Basketball program a slam dunk for Federation students

BASKETBALL Australia highly successful and popular No School No Play program is helping the Jordan River Learning Federation engage and retain students.

Launched in 2010, No School No Play ran across eight national sporting organisations for two years, with the aim of promoting the value of education through the power of sport.  It has now been extended into the new financial year.

Jordan River Learning Federation entered the program last year as a means of engaging and retaining students in its educational program.

Jordann Gregg (USA import for Hobart Chargers Men’s SEABL team) and Craig Anderson (Basketball Tasmania) work with some of the boys on their skills.

Cluny Addis from JRLF said while it had expected the program to be beneficial, the Federation acknowledged it had been much more.

The NSNP program has delivered:

  • Increased fitness and health.
  • Basketball skills.
  • An understanding  of the value and strength of belonging to a team.
  • Listening skills.
  • A preparedness to take risks.
  • A willingness to share and value others.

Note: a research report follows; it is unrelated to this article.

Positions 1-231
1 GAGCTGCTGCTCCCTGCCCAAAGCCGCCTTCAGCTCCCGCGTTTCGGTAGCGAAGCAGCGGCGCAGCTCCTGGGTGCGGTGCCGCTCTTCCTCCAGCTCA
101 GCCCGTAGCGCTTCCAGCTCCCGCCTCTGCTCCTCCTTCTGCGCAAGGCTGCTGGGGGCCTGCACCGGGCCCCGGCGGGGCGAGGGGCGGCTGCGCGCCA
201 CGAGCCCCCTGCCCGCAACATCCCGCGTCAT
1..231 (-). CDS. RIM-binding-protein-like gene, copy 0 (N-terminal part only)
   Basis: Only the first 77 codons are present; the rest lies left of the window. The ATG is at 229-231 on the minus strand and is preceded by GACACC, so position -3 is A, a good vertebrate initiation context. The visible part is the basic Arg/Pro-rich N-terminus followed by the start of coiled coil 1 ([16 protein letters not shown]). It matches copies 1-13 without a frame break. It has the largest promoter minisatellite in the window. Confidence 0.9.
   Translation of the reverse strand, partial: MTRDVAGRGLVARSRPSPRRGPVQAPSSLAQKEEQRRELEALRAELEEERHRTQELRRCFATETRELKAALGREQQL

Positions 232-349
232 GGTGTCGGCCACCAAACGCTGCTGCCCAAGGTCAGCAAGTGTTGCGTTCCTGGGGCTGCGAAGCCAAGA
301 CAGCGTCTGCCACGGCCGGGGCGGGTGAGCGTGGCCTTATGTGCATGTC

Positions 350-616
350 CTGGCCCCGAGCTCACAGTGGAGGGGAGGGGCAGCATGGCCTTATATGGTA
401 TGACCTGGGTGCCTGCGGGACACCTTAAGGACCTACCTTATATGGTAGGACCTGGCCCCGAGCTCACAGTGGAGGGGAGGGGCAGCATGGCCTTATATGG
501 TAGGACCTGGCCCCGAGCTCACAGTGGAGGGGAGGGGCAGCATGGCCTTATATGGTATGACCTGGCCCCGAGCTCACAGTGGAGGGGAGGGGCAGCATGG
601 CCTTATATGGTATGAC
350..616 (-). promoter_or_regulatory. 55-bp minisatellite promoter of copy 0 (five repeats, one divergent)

• The confidence to engage with mentors they see as role models.
  • The meaning of commitment.
  • New friendships across the grade groups.
  • New relationships with teaching staff and staff at the PCYC
  • A growing sense of self-worth and confidence.

The program operated out of the Bridgewater PCYC on Mondays and Wednesdays with support from Basketball Australia, Basketball Tasmania, the Bridgewater PCYC and various guest speakers as well as JRLF senior and middle school staff.

The students enjoyed basketball skill sessions run by Hobart Chargers imports from both the SEABL men and women’s teams.

They listened to guest speakers on everything from careers in sport, to cyber bullying, to health and nutrition and they made full use of the weights and fitness equipment at the PCYC.

During the course of the program students were also able to watch a Hobart Chargers training session and attend two very exciting SEABL men and women’s games.

They watched the players who were working with them star for their respective teams and then were able to spend time after the game chatting with their heroes.

“All of our students were enthusiastic participants in the program but in the case of the boys, they have become hard working and conscientious members of the inter schools basketball roster, “ Cluny said.

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